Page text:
A large analysis also from Sweden in 2012 followed 37,103 Swedish men for ten years. The Swedish results similarly showed that those who reported the highest chocolate consumption, averaging 62.9 grams (a little more than 2 ounces) per week, had the lowest stroke risk.

In 2015, the journal HEART published results from the EPIC Norfolk study. The EPIC (European Prospective Investigation into Cancer) Norfolk study is a population-based prospective cohort study. The study recruited over 30,000 men and women aged 40-79 years at baseline between 1993 and 1998 from 35 participating general practices in Norfolk. Individuals provided information about behavioural factors, including diet and physical activity, and attended a baseline health check including the provision of blood samples for concurrent and future analysis and the collection of anthropometric data. The participants have continued to provide follow up data and attend additional health checks for over 25 years. A careful analysis of food diaries completed by participants determined that those who reported the highest levels of chocolate consumption experienced lower rates of stroke throughout an almost 20 year follow up period, while those who reported very low or no chocolate consumption had the highest rates of stroke.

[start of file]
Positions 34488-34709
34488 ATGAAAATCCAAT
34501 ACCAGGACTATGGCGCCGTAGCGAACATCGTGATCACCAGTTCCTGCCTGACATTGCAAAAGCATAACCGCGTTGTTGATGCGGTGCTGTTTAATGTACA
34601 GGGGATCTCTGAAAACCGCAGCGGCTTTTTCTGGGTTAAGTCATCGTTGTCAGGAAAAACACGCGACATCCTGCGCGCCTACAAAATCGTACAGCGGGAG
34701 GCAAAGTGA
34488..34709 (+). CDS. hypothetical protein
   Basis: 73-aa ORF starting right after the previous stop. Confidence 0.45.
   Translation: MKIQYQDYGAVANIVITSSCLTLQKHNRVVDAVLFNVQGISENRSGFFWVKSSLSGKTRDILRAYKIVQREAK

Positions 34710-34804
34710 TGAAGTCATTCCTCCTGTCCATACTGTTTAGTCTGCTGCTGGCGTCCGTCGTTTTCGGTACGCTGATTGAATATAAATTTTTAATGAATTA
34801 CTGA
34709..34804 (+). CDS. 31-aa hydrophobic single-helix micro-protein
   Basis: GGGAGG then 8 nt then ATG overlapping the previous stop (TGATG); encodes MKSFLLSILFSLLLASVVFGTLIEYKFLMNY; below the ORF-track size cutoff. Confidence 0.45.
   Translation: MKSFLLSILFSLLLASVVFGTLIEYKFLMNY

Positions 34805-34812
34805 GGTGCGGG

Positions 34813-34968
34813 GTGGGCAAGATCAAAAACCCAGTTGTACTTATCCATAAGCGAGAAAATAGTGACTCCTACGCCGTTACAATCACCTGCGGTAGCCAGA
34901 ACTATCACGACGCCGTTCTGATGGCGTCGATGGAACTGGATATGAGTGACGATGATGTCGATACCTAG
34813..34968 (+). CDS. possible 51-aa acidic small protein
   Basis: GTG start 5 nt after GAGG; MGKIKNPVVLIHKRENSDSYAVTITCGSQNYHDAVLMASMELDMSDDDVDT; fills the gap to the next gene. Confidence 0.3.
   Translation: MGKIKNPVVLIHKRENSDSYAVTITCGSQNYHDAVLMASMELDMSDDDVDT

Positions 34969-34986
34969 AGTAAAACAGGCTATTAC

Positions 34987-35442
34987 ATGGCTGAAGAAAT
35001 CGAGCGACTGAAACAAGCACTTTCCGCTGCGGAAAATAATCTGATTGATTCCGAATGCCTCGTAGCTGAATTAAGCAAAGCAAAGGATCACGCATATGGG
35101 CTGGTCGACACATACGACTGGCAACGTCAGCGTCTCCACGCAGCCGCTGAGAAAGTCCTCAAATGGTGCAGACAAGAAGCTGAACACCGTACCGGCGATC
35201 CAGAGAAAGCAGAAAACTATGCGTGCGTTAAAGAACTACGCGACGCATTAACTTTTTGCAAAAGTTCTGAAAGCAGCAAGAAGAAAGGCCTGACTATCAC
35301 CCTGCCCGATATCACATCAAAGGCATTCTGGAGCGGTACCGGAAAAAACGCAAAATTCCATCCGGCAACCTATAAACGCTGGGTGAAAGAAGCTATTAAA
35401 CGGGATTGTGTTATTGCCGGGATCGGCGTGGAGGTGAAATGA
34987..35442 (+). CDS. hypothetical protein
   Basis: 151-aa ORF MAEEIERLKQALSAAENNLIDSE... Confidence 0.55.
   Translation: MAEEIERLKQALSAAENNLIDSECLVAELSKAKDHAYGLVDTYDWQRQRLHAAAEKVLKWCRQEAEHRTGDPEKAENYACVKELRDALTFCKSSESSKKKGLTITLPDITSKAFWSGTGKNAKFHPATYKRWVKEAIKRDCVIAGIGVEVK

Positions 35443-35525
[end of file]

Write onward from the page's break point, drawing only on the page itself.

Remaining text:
An even larger meta-analysis examined a larger group, a total of 157,809 participants from nine different studies, and found the same trend.